The brass stylus that’s made from a screw, gives very noticeable marks as well. Brass marks are slightly lighter and have a gray color with a slightly yellowing tint.
Another metal-point is the Nickel-Silver. Here’s the 0.9-millimeter Nickel-Silver stylus. It is a good and affordable metal-point tool.
Despite its name, this metal alloy contains no chemical silver. This stylus is made of alloy copper, nickel, and zinc.
The name Nickel-Silver derives from its white-silvery appearance. It is also called German Silver, as this metal was reinvented in Germany in the 18th century. Early on it was produced in China; however, it is unlikely the Old Masters had the benefit of using it because the export of this strategic metal was banned in ancient China.
Nickel-Silver stylus leaves well-pronounced grey marks that are even darker than those left by pure silver or gold.
Lead is one of the ancient metals used for writing and drawing. Pure lead is very soft and does not require a specially prepared ground. It will mark plain, uncoated paper. This is the only erasable metal-point. Due to its softness, lead stylus will become blunt quite quickly and requires re-sharpening more often than other metal point tools.
During the Old Masters’ time, lead was also alloyed with tin and other metals to produce drawing styluses. However, lead is toxic and therefore not advisable for use.
A good alternative to lead is pewter. This alloy is made of tin and copper, and therefore is not toxic. It is reasonably soft, which gives both advantage and disadvantage in metal-point drawing. Being soft, allows the use of this metal alloy on most grounds for silverpoint; at the same time the stylus tip might become blunt quicker than other metal-points.
There are other metals and alloys that can be used for metal-point drawing. You can test various items like coins, keys, badges, etc. made of metal to see how they mark coated supports. You might find some unassuming items that can become your drawing tools.
Originally, a metal stylus was held in a wooden handle. You can easily make such handle yourself. Alternatively, a mechanical pencil can be used as a stylus holder. I’m using two sizes – 0.9 and 2-millimeter pencils, which hold metal wire very well. A mechanical pencil is a very convenient tool and a big improvement since the Old Masters time.
Apart from toxic lead, which can be used on plain paper, all other metal-points require specially prepared supports.
Today, metal-point is seldom used because there are so many other drawing medias available, which do not require support coating. However, even among contemporary drawing materials, there is no alternative to metal-point when it comes to capturing the smallest details. A thin silverpoint stylus produces permanent non-fading and non-erasable lines that will withstand the test of time. Some of the Old Masters’ drawings are more than 700 years old! Such permanence is explained by the inertness of the metals used. For example, gold-point will remain stable without oxidation for as long as the support lasts.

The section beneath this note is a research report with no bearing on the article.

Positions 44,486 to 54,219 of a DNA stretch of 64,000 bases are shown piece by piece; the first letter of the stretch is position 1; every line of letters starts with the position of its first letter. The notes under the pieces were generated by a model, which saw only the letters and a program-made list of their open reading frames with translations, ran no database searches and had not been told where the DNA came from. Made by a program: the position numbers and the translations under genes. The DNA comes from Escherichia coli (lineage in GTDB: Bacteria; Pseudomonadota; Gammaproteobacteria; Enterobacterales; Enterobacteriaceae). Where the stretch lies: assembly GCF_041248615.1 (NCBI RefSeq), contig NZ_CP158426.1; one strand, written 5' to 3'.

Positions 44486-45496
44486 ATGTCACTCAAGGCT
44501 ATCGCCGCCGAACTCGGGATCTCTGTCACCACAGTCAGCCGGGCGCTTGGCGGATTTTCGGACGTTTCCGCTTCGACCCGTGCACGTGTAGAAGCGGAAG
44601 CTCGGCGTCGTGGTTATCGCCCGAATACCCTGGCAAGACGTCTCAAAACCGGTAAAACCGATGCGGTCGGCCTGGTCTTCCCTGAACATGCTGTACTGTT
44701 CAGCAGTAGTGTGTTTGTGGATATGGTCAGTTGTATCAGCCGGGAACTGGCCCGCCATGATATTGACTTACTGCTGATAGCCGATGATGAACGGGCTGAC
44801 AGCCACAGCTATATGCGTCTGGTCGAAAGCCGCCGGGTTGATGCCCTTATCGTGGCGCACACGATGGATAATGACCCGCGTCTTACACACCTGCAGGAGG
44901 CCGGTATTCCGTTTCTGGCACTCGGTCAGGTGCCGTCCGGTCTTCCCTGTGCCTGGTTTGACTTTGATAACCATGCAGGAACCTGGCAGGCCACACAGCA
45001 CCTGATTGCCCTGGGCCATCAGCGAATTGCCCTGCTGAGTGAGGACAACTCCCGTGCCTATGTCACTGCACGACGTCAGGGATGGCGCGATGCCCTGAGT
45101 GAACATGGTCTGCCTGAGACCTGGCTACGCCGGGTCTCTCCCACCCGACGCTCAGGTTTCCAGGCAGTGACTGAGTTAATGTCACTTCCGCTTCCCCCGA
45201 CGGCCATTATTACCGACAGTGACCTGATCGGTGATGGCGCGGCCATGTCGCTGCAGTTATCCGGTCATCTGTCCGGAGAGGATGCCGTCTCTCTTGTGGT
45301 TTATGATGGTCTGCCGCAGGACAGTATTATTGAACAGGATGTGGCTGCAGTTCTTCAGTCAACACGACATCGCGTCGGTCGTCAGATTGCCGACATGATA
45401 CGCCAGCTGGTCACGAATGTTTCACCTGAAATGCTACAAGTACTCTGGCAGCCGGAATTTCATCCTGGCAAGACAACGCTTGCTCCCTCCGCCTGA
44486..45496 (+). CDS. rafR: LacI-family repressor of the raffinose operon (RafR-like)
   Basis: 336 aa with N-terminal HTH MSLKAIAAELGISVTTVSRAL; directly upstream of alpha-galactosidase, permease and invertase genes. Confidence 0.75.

So here we are today, with the silverpoint support and ground dictating how permanent metal-point artwork will be.
Metal-point styluses would only leave marks on specially grounded supports.
Some suppliers provide pre-fabricated mixes for support grounds as well as ready-coated papers. Although main art supply stores do not stock metal-point drawing tools, you may find various supports suitable for silverpoint.
Such supports included:
– Wooden panels
– Ceramic tiles
– Gesso panels
– Paper boards
– Vellum or parchment (which is most often made from calf skin)
– And other natural and synthetic materials.
Each of the supports has its advantages and disadvantages.
While wooden panels are strong and rigid, they can be quite bulky, imagine a collection of 100 separate drawings on wooden panels.
Ceramic tiles have the strongest and toughest surface, but they are very heavy, limited in size and therefore impractical.
Some art supply stores sell specially prepared gesso panels. Such panels offer great support and come with ready to draw surface; however, a fine artist might consider the price they come at.
Vellum or parchment is great and authentic support. The ‘La Bella Principessa’ drawing possibly done by Leonardo da Vinci is toned silverpoint drawing on vellum. Needless to say that such support has never been cheap. On another hand, properly stored parchment will outlive paper for many centuries.
The most affordable, light, versatile, easy to use, and store support is heavy-duty paper. In fact, many of Medieval and Renaissance silverpoint drawings are done on paper.
Each support must be covered with a special ground that will take metal-point marks.
Flexibility of a support dictates how many layers of ground can be applied on a surface.
For paper support, two coats of ground are sufficient enough to take the silverpoint marks while keeping paper flexible.
Parchment can be coated in the same manner as paper.